Ford developing selectable-mode cruise control to optimize fuel efficiency

  • 26-Dec-2013 10:03 EST
Ford Mustang GT.jpg

Dynamic cruise control "will automatically vary the vehicle speed based on the predicted grade. When a decrease in grade is predicted, the torque will be minimized ahead of time to conserve fuel, and this includes coasting and neutral when allowable," according to Ford research engineer Tony D'Amato.

Ford researchers are testing a fuel efficiency-focused cruise control system in real-world driving conditions.

“This advanced system works within the context of an existing speed control system, so it doesn’t require any additional hardware, infrastructure resources, or the Internet,” explained Steve Szwabowski, a Ford controls researcher, during a recent media event at the automaker’s research and advanced engineering center in Dearborn, MI.

With a traditional cruise control system, the driver sets a speed target and vehicle speed is maintained as accurately as possible under a variety of load and operating conditions. With Ford’s research-based advanced cruise control technology, fuel consumption becomes part of the equation.

“We’re using onboard information to understand both the speed and the torque trajectory for a specific vehicle, in order to get the best overall fuel economy for the road conditions,” Szwabowski said about the research-based dynamic cruise control technology.

Tony D’Amato, research engineer, said that the system can take advantage of a road grade “to time a torque-demand reduction and, in some cases, decouple the transmission to reduce powertrain losses, which results in enhanced fuel economy.”

Devising an appropriate vehicle speed range for a fuel-sipping cruise control speed setting is no easy task for the researchers.

Said Szwabowski: “One of the key things is determining how much of a speed variation is needed to achieve a certain fuel economy benefit. Keep in mind that reducing speed by itself doesn’t necessarily enhance fuel economy.”

To understand the various trade-offs associated with a fuel-saving cruise control system, researchers are driving several different Ford vehicle models on hills and other road gradients. "Fuel economy depends on the vehicle and its powertrain configuration, including the gear ratios of the transmission and the performance map of the engine,” said Szwabowski.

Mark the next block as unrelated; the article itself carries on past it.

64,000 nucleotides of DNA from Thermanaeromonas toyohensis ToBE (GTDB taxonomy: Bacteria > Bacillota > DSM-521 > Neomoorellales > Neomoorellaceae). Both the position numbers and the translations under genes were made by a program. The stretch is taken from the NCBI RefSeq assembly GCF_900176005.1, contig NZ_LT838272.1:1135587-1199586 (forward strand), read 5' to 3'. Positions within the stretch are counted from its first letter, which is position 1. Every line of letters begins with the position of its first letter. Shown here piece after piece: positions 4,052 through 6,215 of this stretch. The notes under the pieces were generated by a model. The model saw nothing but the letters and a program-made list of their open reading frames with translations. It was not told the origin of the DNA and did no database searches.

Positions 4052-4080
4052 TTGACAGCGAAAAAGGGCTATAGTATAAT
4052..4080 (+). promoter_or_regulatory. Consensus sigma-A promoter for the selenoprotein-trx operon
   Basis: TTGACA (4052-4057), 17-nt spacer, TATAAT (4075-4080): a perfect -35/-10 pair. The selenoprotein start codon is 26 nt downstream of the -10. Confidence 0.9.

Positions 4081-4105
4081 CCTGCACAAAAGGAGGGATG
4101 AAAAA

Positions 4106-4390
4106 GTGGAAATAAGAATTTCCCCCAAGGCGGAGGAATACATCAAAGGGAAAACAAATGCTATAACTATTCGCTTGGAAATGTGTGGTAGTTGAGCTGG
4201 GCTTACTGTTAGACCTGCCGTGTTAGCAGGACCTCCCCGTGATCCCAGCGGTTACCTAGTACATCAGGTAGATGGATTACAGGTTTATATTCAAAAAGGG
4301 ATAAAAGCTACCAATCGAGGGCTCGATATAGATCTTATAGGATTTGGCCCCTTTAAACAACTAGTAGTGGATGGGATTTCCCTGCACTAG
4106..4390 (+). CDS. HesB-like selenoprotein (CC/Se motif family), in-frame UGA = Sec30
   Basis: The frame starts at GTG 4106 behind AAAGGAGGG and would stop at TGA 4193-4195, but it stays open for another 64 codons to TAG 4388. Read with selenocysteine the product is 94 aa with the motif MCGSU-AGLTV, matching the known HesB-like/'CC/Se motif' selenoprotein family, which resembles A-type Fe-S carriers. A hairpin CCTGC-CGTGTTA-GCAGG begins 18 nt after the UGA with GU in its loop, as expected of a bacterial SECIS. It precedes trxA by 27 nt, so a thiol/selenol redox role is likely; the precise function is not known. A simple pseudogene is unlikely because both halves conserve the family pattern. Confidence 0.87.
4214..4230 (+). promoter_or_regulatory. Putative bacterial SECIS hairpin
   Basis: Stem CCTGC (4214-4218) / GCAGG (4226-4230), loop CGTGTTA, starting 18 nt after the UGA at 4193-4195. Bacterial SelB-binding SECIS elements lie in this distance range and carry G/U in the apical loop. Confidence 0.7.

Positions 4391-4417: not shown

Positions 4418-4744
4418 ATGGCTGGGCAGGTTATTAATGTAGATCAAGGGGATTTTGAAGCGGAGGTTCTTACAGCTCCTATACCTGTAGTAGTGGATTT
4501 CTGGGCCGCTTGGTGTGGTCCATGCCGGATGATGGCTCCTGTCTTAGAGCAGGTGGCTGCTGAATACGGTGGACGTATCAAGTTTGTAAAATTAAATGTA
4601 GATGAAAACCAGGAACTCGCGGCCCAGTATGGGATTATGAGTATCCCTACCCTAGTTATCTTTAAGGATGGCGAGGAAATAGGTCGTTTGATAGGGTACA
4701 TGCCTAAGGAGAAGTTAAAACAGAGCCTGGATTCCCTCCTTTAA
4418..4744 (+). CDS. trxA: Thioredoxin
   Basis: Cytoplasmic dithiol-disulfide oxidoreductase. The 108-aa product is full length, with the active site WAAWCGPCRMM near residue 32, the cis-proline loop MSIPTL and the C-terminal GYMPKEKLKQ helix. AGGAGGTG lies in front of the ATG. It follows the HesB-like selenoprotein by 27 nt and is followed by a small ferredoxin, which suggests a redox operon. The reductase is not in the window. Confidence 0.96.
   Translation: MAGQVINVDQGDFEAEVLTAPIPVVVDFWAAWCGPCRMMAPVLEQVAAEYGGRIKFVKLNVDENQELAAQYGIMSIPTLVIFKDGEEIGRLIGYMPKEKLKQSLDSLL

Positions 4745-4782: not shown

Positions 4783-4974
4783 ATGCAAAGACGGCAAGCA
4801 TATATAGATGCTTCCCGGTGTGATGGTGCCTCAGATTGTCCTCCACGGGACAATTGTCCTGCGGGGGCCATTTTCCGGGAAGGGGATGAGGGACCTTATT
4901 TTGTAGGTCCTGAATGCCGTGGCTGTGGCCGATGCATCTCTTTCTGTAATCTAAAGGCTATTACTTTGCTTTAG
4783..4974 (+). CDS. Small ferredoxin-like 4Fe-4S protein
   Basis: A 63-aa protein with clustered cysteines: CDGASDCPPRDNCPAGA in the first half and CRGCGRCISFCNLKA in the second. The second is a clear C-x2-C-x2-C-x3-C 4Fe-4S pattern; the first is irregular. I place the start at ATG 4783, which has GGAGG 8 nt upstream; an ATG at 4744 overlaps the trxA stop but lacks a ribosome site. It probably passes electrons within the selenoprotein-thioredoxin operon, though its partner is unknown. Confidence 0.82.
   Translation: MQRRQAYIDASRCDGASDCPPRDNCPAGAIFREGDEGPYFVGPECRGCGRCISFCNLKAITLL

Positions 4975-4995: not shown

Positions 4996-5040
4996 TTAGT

According to D’Amato, transmission gear ratios and other relevant information are used to estimate the speed and torque profile so that minimal energy is required for the vehicle to traverse a road segment, all done while respecting speed limits and other driveability constraints.

Although a driver can avoid heavy accelerations and hard braking to conserve fuel, a smart cruise control system could complement the overall fuel economy score for a particular driving event.

Szwabowski explained: “Because there are differences in terms of the best operating speed for a given condition, it can be hard for a driver to achieve optimal fuel efficiency. And that’s because the driver doesn’t know exactly what the performance map of the engine is. The driver is also not calculating all of the constraints, such as the final drive ratio of the transmission.”

Ford’s fuel-efficient cruise control research technology analyzes and reacts to current road conditions as well as predicted road conditions in real time.

“What we envision for this technology in a production application is a cruise control system in which the driver has the option of using a fuel-saving selectable mode,” said Szwabowski.

Preliminary estimates indicate that Ford’s advanced cruise control technology could improve fuel efficiency up to 10%, depending on the driving route.

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